What made you take a chance on managing Stewart 33 years ago?

It really was a gamble because Rod, in his late 30s, wasn't sizzling hot then. Despite the dizzying disco success of "Do Ya Think I'm Sexy," people were thinking, "Where's the street singer behind 'Maggie May' and 'Every Picture Tells a Story'?" And he wasn't in good shape financially either. One very renowned person at that time said, "Rod Stewart is going to be a lounge singer soon in Las Vegas."

Well, he was right. Rod is in Las Vegas but not quite a lounge singer because we're entering the third of a five-year deal at Caesars Colosseum. And the last five years have been the biggest earning years of his life. Every single thing that's happened has just been a matter of being in the right place at the right time -- and having the smarts to understand what it could be.

After a series of cover and theme albums, this is his second consecutive album of original material. Describe the Stewart heard on Another Country.

It's next-step Rod in the belated evolution of his career. He unlocked the part of his brain that writes songs again. And he loves it. It's really personal, and his voice is stronger now than it's been for a long time.

Rod appeared with A$AP Rocky in The Late Late Show host James Corden's "Carpool Karaoke" sketch. Are there more untraditional promotion plans in the works?

That pairing on "Everyday," which A$AP asked Rod to do, got Rod on BBC 1 -- which you can't get on -- and BBC 2. Listen, we don't kid ourselves. You're not going to turn on the radio here and hear our newest single. We don't even fight it. Our whole approach with this new record in the U.S. is less is more. The Corden bit was something to help initiate that strategy. Rod is also doing the Howard Stern Show, NPR and may do some Twitter chats. We've been told that social media is not for Rod. But guess what? We just started on Twitter and have nearly a quarter of a million followers; on Facebook we have 3.9 million. People who are 46, 56 and beyond can push the buttons, too, thank you very much. We're talking about doing some of the big festival circuit -- Lollapalooza, Austin City Limits, Coachella --  Rod wants to put together something with the Faces and Jeff Beck, which would be perfect.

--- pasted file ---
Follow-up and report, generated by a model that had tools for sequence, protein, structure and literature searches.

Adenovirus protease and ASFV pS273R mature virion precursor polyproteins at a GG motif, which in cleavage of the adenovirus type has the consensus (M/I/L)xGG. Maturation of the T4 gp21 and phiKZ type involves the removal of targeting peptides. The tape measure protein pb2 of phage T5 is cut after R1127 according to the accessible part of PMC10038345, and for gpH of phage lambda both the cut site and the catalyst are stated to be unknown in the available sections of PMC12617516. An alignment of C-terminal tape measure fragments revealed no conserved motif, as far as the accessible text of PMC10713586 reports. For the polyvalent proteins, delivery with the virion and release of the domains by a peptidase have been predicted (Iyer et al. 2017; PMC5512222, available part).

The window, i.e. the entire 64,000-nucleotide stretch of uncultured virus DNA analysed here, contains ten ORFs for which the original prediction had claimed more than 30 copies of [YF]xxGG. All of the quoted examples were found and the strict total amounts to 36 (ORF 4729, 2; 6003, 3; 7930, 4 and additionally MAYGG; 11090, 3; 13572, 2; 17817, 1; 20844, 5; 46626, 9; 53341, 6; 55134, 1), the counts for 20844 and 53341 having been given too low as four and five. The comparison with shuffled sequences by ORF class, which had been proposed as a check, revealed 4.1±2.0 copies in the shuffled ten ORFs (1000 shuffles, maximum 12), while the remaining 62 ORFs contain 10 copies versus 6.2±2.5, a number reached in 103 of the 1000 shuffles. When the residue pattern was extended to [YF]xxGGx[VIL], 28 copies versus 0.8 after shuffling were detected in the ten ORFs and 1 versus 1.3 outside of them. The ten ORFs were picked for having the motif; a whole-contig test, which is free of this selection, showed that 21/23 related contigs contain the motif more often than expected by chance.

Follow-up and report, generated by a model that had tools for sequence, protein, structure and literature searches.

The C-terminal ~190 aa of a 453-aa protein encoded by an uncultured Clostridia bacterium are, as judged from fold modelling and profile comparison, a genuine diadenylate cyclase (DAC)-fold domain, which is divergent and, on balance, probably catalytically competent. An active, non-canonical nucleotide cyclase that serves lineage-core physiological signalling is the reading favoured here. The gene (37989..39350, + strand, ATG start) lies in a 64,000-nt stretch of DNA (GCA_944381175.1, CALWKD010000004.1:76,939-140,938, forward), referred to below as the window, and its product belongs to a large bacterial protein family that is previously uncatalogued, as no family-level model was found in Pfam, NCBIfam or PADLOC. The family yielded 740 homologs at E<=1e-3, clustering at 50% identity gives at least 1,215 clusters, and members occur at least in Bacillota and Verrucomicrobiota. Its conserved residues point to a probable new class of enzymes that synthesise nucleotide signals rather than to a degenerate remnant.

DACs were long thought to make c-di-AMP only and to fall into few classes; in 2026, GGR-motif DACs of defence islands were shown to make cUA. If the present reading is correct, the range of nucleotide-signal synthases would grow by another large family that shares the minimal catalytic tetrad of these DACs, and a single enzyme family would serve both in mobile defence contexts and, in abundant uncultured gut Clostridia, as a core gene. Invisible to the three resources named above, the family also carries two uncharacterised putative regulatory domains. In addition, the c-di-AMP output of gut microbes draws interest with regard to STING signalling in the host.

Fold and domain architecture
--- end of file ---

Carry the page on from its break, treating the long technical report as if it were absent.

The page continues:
Rod, his wife and I were laughing recently. Tony Bennett had just celebrated his 89th birthday while on his final tour date with Lady Gaga. Rod said, "You're going to be pushing me out onstage in a wheel chair." I said, "I'll push you out on a gurney if you can sing 'Maggie May' lying down." 

How does a legacy artist adapt to the streaming world -- and a potential drop in income?

I can't tell yet. Counting whatever number of streams as one record sold is more hurtful to, dare I say, legacy artists. Rod still sells hard copies of albums. And that's great, particularly in countries where there are more places to buy them than here.